But most of New York’s more adventurous jazz musicians dug Thelonious Monk. To this new generation of players, jazz was no longer meant for dancing, nor was it mere background music for some slick crooner. It became much more insular, music for those in the know. If you didn’t dig it, you were a square. Nightly jam sessions anchored by Monk at NY clubs like Minton’s and the Five Spot became competitive “cutting contests,” where brave (or foolhardy) musicians would wait their turn to jump on stage with a horn or guitar to see who could keep up with “the high priest of bebop.” Careers were often made or dashed within the first 24 bars of a Monk tune.
But they kept coming. For two decades, those smoky dives were America’s test labs for musical innovation, and Monk was their mad professor.
Much of this biography bolsters the theory that all great artists need a muse. Or in Monk’s case – three. A mother’s love nurtured him, and a wife’s love saved him. A third woman, the Baroness Pannonica de Koenigswarter, so profoundly believed in Monk’s genius that she provided the funds, encouragement– whatever it took – to somehow keep the flame burning for 30 years.
Kelley also paints a vivid portrait of a happy and much-loved child who was encouraged to speak his mind and be himself, a rather unorthodox approach to child-raising in dirt-poor North Carolina in the 1920s. Young Thelonious and his two sisters “were raised by people to whom
freedom had tangible meaning – they heard first-hand stories of emancipation – of black men going to the polls and running for office, of former slaves founding churches and schools.” Indeed, if there is a single word that would most aptly define Monk’s music, it’s freedom.
Late in his performing life, Monk’s profound contributions to music finally began to be appreciated. Several sold-out tours through Europe in the 1960s buoyed his spirits and reputation – but not his bank account or his disintegrating mental health. The very jazz critics who were hostile to the same artist and repertoire years before had finally caught up to his innovations and now proclaimed the music “irresistible in its unorthodoxy.” But the joy and spirit of this man who lived to play was less and less in evidence on the bandstand and home front as the decades progressed. His indefatigable wife Nellie did all she could to keep him going, but Monk was on a downhill slide physically and mentally. Days of frenzied activity and all-night jam sessions would be followed by catatonic silences or bizarre, sometimes- destructive behavior. At times he failed to recognize his own children.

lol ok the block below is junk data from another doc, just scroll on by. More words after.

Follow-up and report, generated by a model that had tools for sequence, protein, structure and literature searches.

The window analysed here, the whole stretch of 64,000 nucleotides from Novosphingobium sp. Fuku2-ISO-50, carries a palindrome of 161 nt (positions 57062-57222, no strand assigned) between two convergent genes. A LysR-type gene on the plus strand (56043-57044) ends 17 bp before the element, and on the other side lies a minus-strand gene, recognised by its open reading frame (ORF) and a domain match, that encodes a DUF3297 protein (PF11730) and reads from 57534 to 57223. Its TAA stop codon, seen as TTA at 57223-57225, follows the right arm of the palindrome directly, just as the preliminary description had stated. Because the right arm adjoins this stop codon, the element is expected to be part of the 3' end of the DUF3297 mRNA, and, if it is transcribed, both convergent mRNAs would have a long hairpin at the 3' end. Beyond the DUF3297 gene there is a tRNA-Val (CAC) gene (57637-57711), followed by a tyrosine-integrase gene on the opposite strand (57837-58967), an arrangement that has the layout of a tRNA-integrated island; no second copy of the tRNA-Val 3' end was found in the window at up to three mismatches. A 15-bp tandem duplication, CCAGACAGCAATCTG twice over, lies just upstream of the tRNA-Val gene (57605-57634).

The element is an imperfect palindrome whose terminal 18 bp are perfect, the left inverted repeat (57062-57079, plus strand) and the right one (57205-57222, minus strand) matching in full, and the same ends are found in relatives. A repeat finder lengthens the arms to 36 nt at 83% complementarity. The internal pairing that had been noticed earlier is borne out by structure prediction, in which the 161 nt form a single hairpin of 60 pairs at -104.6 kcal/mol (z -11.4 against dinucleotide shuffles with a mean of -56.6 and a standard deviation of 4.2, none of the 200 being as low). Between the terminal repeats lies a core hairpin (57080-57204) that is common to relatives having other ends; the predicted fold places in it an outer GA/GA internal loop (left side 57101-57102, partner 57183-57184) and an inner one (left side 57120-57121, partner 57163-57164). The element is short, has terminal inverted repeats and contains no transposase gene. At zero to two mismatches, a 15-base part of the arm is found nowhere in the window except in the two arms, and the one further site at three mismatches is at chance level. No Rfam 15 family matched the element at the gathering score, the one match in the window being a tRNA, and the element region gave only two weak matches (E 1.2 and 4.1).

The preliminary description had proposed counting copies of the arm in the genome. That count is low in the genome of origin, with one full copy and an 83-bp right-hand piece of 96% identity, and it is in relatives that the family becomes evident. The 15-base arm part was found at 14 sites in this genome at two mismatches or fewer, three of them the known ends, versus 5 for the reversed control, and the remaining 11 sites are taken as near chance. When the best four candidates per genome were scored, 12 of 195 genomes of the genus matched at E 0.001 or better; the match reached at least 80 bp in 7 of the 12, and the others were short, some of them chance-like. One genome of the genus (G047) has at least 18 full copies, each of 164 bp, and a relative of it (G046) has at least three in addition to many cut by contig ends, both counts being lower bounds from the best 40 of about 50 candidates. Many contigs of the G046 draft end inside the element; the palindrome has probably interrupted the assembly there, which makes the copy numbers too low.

Various medical treatments, including shock therapy and the debilitating drug lithium, were prescribed, but most just appeared to exacerbate his problems. Monk would require the care and patience of a saint until the end of his life in 1982. Fortunately – for Monk and jazz fans worldwide – he was married to one. Remarkably, they soldiered on together with more recordings and overseas tours until 1975, when Monk suddenly stopped performing. His funeral in 1982 attracted 1,000 people, many of them the cream of the jazz world.
Thelonious Monk was a true original. Others continue to play his compositions but no one will ever play them like he did. He once quipped, “Sometimes I play things I never heard myself!” Monk’s singular style was his unique fingerprint on the music world. Those of us fortunate enough to have enjoyed his extraordinary gift live, in performance – as I did as a jazz-hungry teen – will never forget moments such as the summer night at the Ravinia Festival 45 years ago when Monk got up from the piano during a particularly groovy sax solo and danced... for the pure joy of it.
This affectionate biography fills in the fascinating and heart-wrenching backstory of an artist the world has always longed to know better.
John Kehe is the Monitor’s design director.